Westfield police officer graduates from FBI National Academy


By Chris Bavender

Westfield Police Dept. Lt. Eric Grimes graduated March 17 from the FBI National Academy 281st Session. Participation is by invitation only through a highly competitive nomination process. Grimes was nominated by WPD Chief Joel Rush through the FBI’s Indianapolis Field Office.

“Recommendation to attend the National Academy requires the nominee to be physically fit and have excellent character and integrity,” Grimes said. “Additionally, you must have established a commitment to public service, demonstrate the qualities of leadership and must have the confidence and respect of fellow officers.”

The 10-week program provides participants coursework in intelligence theory, terrorism and terrorist mindsets, management science, law, behavioral science, law enforcement communication and forensic science. The goal is to improve the administration of justice in police departments and agencies at home and abroad and to raise law enforcement standards, knowledge and cooperation worldwide.

Prior to leaving for the academy, Grimes, who has been with the WPD since 2009, spoke with co-workers who had also attended the academy about what life might be like at the academy, things to explore and the relationships that were formed.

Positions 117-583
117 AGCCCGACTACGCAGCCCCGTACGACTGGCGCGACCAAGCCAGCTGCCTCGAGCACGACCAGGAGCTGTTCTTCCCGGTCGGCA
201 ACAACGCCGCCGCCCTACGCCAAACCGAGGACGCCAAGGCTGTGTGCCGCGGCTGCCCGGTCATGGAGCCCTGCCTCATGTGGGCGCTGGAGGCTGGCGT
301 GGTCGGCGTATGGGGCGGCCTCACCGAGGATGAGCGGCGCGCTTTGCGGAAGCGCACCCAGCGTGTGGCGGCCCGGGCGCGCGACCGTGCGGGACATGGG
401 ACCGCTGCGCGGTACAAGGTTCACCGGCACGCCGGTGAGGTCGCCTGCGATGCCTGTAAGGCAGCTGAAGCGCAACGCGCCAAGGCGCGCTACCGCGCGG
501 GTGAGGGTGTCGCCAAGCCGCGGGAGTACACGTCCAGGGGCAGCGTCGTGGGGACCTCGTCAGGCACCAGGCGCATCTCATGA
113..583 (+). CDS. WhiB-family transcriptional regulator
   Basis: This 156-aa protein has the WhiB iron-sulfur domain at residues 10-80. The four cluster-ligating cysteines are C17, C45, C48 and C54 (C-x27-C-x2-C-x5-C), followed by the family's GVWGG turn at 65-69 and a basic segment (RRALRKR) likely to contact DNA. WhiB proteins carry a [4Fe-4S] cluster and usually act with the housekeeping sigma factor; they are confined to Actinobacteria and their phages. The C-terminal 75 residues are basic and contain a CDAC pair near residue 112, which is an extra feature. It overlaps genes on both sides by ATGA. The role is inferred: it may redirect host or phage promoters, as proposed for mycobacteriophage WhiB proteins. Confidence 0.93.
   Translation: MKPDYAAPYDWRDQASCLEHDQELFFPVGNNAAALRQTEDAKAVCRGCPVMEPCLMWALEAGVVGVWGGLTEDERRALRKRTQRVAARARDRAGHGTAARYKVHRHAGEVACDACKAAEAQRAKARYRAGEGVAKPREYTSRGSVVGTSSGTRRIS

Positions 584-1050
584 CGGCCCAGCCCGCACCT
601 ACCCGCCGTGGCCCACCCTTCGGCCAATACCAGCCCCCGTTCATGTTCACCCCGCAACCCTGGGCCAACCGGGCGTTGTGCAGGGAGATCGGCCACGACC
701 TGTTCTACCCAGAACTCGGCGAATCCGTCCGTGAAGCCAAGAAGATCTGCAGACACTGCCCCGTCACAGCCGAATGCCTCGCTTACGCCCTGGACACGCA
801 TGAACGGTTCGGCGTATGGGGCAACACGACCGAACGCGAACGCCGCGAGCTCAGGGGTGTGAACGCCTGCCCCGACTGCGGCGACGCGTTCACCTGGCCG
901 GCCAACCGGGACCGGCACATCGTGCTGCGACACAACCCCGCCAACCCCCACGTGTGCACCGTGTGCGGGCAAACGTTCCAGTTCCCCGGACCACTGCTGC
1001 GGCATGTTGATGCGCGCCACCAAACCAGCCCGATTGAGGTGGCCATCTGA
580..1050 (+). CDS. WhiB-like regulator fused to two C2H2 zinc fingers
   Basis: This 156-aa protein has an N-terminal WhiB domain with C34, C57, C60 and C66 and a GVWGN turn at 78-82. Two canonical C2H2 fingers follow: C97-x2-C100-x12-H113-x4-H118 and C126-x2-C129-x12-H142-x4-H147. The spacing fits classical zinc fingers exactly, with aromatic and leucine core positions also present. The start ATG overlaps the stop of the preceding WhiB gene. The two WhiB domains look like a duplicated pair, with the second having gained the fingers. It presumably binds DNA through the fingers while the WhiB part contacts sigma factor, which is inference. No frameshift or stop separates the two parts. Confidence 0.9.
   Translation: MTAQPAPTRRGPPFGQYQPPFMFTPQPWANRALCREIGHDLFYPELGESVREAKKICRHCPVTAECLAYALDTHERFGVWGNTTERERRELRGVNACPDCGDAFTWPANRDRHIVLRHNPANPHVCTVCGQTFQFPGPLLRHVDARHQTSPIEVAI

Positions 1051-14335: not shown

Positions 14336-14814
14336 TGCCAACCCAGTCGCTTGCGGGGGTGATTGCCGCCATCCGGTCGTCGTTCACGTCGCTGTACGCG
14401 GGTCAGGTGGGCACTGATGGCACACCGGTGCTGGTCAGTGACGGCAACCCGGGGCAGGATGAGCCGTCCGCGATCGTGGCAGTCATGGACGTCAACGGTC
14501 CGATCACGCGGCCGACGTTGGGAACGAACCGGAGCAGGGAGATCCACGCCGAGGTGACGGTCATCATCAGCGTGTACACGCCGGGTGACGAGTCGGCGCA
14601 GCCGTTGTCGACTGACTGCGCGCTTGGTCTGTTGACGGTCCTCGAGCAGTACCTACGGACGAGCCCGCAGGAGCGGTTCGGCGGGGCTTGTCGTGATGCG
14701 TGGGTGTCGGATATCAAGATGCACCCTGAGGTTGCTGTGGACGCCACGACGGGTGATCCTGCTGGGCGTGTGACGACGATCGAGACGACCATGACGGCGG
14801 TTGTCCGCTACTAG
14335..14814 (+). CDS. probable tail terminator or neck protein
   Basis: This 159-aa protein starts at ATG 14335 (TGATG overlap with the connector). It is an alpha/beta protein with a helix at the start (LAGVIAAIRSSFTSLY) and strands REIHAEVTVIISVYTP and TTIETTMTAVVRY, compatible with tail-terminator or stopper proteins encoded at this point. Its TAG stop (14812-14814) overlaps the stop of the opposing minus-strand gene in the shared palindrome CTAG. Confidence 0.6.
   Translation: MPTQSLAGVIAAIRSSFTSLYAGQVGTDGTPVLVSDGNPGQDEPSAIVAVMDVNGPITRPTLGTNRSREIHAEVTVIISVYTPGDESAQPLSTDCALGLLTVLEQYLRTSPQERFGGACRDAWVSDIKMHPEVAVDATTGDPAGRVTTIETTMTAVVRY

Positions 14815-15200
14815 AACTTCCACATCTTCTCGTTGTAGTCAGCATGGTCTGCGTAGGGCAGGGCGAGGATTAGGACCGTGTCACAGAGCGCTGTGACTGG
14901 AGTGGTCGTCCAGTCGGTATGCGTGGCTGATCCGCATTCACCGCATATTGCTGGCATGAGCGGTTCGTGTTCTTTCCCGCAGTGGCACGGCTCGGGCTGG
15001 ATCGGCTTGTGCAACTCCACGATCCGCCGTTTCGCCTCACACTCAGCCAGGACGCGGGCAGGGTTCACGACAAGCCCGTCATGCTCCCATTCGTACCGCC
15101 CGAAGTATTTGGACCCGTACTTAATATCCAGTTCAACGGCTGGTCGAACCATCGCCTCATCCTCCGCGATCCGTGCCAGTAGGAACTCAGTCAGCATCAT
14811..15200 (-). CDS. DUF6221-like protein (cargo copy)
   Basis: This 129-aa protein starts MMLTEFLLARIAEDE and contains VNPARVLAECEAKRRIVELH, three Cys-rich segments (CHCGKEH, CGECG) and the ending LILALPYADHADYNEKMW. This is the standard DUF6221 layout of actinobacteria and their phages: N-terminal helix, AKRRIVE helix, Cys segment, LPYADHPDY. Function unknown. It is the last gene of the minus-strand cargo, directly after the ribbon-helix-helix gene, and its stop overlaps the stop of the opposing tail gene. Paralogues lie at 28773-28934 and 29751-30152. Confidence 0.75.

“It was overwhelming at first, almost like your freshman move-in year at college,” Grimes said. “After completing the course and now having time to reflect on my own experience, I can honestly say that the NA challenged me academically, mentally and physically in ways that I haven’t been challenged in law enforcement, or in life, before.”

Besides extensive work in the classroom, participants went on professional development trips to New York and visited the New York Police Dept. Headquarters, One World Trade Center, the 9/11 Museum and the twin waterfall reflecting pools. They also visited Washington, D.C., where they spent time at the White House, U.S. Capitol, U.S. Supreme Court and the National Law Enforcement Officers Memorial.

“Not only did I learn so much in the classroom, but I learned a vast amount of information from my peers. Many, many officers were executive command staff at large agencies and having the ability to talk with them about a variety of topics was invaluable,” Grimes said. “To that, knowing I have a nationwide, and worldwide, NA group of professional law enforcement officers that I can reach out to for assistance of any kind, is something unique.”

The only bittersweet part of attending NA was leaving is wife, Carolyn, and son Rowan.

“I can honestly say the day before I left, I was with my family and I started to have buyer’s remorse as I looked at my luggage by the door knowing I would be gone for almost three months away from them,” Grimes said. “It was difficult being gone, but my wife is a strong woman and overcame more of a challenge here at home than what I went through, having to care for our 1 1/2-year old son, while also being pregnant, and running her own business full time. But we had a good support system of friends and family already in place and everyone helped out in a variety of ways.”

Class 281 was comprised of 233 police officers from across the U.S., and an additional 34 officers from around the globe, including Germany, Iraq, Pakistan, Japan, S. Korea, Austria, Brazil, Thailand and Ukraine. Less than 1 percent of law enforcement officers in the U.S. are selected to attend the prestigious professional development course.